And you get so see baseball from some of the most exotic angles (see famous photo of Braves catcher Greg Olson standing on his head after a collision with Minnesota’s Dan Gladden).
But Flowers gets downright flowery when talking about his weird profession:
“It would be real boring (playing somewhere else now),” he said. “You’re involved pretty much in every aspect. Not just during the game but before the game and after the game. Working with people, recognizing personalities. How do I get this (pitcher) to stay confident, how do I get him to get back to whatever his key thoughts are to get him on track?
“Then it gets real fun when your pitchers start believing in you and they don’t shake you off. And then it’s on you. When you have success, of course, the media goes to him. But then he comes to you, thanking you for your hard work and preparation and leading him and keeping him in rhythm.”
Last week, just how serious Flowers is about his chosen position was on display on the dugout floor of the Braves’ spring resort. Spread out was an array of equipment from a company called Force3 Pro Gear that Flowers first advised, and then joined with a small share of ownership.
They call catcher’s gear the “tools of ignorance.” These pieces were meant to educate them a little.
Some of the gear was on the frivolous side. Flowers has an artistic side, which he mostly has employed in decorating his kids’ playroom with cartoon and fantasy characters. Sometimes he’ll take pad and art pencils on the road to kill time. He designed a couple pair of brightly colored batting gloves that Force3 president Jason Klein calls “sexy.” Although Sofia Vergara probably won’t be modeling them.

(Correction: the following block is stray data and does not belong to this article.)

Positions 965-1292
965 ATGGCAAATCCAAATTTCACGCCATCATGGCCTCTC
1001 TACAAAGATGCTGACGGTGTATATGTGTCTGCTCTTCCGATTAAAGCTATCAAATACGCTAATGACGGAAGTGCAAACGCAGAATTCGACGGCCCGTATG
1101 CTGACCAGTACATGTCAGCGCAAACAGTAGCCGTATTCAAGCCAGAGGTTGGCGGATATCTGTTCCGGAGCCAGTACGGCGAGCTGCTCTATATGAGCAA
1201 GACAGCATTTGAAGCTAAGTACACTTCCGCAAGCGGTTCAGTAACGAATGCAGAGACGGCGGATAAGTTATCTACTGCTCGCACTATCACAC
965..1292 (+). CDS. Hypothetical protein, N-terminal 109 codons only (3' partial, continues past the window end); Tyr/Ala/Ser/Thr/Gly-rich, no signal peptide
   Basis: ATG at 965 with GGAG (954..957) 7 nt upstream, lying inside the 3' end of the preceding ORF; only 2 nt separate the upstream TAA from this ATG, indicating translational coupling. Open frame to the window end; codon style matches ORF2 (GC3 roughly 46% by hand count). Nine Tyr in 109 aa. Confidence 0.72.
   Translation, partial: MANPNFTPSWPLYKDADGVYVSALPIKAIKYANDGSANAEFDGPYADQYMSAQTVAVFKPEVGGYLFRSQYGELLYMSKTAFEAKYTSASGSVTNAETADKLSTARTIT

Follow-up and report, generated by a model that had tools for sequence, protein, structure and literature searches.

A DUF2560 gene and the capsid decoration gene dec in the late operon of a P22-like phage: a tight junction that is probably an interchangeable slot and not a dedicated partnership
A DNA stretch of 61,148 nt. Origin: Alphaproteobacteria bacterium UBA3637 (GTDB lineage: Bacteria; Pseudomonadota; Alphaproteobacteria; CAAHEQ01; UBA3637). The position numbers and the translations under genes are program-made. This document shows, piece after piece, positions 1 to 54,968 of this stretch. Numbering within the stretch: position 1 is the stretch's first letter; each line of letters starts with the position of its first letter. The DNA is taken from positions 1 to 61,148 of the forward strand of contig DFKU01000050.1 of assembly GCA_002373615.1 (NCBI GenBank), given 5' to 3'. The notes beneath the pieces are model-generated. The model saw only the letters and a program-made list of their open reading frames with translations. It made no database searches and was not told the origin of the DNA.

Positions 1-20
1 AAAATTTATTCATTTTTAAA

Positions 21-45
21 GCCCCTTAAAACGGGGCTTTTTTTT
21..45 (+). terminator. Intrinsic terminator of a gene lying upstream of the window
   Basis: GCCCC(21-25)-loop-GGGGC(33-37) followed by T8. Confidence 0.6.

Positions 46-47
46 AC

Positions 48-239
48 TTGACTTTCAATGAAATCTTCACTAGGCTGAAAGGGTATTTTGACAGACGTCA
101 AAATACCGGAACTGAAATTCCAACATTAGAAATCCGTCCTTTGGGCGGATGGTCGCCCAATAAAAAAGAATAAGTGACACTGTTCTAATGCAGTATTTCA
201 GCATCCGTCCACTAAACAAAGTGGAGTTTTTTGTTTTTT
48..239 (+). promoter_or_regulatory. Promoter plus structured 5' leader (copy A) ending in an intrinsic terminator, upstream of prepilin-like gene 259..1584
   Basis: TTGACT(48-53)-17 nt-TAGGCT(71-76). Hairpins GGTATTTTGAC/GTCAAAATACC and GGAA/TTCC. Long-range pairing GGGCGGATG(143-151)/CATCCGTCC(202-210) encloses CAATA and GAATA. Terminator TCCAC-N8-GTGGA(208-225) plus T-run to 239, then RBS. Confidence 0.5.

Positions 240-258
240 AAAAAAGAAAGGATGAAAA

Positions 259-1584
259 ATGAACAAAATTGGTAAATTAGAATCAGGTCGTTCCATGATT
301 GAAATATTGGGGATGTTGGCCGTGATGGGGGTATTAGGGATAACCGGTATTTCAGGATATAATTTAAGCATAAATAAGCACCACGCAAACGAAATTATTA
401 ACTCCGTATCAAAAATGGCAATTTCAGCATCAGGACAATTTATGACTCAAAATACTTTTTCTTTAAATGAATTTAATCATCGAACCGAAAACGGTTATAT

Some of the gear just underscored what hazardous duty catching is, like the shin guards and chest protector lined in Kevlar. (No, Flowers is not bullet-proof.)
One piece, Flowers said, is revolutionary (did we mention he is very adept at marketing, too?). His mask is unlike any other in the majors, a spring-loaded creation that Flowers said absorbs up to 75 percent more force than a conventional mask.
Another quote from catchers past, this one from Johnny Bench: “A catcher and his body are like the outlaw and his horse. He’s got to ride that nag till it drops.”
The idea is to give that nag a fighting chance. While Flowers said his head probably took more abuse playing high school football at Blessed Trinity in Roswell, he’d like to keep it that way. (Others, notably Cardinals manager Mike Matheny and former Brave David Ross have not been so lucky).
So, it is in both the Braves and Flowers’ best interests to remain healthy this season — for what better advertising for his equipment could there be?
And implied in his continued good health and hoped-for production with the Braves would be an endorsement for the life he chose.
The message, then, he dreams to deliver to parents who want to keep little Johnny all bubble-wrapped and safe is simple enough: “It’s OK to catch.”